The church of St Mary and St Nicholas in Littlemore, just outside Oxford, is to this day much as Newman designed it in the 1830s. Parishioners still remember their preacher and benefactor in vivid stories passed down through the generations from those who knew him
In the 1830s, John Henry Newman, then vicar of the University Church of St Mary the Virgin in Oxford, discovered that his parish included a small, impoverished village beyond the southern edge of the city. Since Littlemore lies three miles out of town up a steep hill, and the villagers were never seen at St Mary’s, Newman decided that they should have their own chapel and, while he was about it, a school. By 1836 he had raised enough money to build both. He dedicated the chapel to St Mary the Virgin and to St Nicholas, after the patron saint of Littlemore’s medieval nunnery, and served it himself.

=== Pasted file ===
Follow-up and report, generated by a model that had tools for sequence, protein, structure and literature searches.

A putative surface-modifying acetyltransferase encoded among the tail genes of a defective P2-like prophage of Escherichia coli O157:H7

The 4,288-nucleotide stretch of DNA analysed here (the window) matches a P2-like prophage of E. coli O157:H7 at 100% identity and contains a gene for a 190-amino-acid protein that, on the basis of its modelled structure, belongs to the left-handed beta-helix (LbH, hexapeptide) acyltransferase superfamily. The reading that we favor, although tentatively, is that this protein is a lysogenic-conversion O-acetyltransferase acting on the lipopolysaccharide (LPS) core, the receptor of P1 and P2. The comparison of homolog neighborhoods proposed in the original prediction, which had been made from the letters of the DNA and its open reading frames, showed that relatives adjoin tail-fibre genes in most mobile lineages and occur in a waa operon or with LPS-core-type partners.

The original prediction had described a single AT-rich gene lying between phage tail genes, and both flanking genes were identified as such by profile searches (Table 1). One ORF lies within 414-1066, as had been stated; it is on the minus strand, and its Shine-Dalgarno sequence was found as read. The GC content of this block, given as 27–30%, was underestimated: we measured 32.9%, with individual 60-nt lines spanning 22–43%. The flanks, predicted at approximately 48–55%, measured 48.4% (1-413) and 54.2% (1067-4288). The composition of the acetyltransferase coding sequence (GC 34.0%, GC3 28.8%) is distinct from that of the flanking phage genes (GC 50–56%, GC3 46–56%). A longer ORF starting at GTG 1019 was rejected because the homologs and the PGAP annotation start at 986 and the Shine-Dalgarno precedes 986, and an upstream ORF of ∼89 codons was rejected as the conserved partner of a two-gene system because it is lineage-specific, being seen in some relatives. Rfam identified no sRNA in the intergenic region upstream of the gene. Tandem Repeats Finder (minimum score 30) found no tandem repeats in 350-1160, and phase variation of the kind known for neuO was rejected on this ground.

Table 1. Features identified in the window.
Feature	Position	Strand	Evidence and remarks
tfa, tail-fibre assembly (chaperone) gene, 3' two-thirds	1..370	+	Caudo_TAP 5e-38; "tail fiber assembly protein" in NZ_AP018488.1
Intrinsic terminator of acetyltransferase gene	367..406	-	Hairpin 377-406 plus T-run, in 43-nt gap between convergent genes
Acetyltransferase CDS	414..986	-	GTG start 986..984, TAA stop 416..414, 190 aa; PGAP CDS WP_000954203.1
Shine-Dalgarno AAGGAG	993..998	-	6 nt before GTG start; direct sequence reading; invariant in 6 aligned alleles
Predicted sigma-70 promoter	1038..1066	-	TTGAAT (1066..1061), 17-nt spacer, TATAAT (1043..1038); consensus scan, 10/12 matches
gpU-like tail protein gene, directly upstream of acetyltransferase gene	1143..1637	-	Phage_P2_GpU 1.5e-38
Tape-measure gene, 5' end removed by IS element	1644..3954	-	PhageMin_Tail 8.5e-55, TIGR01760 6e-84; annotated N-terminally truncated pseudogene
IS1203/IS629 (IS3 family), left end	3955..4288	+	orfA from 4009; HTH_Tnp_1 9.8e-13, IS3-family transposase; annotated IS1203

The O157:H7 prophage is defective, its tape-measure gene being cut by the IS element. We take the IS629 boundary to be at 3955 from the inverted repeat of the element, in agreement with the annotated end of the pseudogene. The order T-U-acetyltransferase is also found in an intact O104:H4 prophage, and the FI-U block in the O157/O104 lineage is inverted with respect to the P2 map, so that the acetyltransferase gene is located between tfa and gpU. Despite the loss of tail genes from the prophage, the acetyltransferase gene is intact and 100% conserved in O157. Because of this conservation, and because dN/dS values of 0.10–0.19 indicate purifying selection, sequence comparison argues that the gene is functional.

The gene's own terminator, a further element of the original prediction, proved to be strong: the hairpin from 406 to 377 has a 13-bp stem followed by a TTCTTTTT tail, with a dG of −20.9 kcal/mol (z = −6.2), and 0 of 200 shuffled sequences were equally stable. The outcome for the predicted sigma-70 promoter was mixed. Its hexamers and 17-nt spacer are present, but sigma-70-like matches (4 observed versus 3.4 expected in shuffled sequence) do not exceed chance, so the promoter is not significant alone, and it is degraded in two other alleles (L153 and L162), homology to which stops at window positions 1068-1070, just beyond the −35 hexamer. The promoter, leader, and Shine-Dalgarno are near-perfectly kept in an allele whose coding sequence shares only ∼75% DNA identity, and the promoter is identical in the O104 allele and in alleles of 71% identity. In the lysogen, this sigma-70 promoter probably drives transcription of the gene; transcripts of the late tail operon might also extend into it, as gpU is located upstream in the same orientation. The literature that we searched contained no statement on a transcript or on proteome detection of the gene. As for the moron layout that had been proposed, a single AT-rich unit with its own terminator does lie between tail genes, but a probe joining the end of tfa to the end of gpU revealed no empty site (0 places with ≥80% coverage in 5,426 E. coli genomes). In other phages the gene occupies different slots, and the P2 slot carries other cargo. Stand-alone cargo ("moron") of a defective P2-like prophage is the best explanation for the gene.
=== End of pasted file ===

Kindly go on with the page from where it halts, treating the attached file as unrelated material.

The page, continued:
You will not find quite this version of events in any biography of Newman, because this is not history but hagiography. It represents the oral tradition in Littlemore, which has long venerated Newman for his work there, and in the church of St Mary and St Nicholas, which, despite being Anglican, has been enthusiastically preparing to celebrate his canonisation this weekend. Littlemore’s relationship with Newman is illuminating. It shows us something that has always been part of the cult of saints, but which we rarely get to see today: the evolution of local veneration and its complex relationship with church history and authority.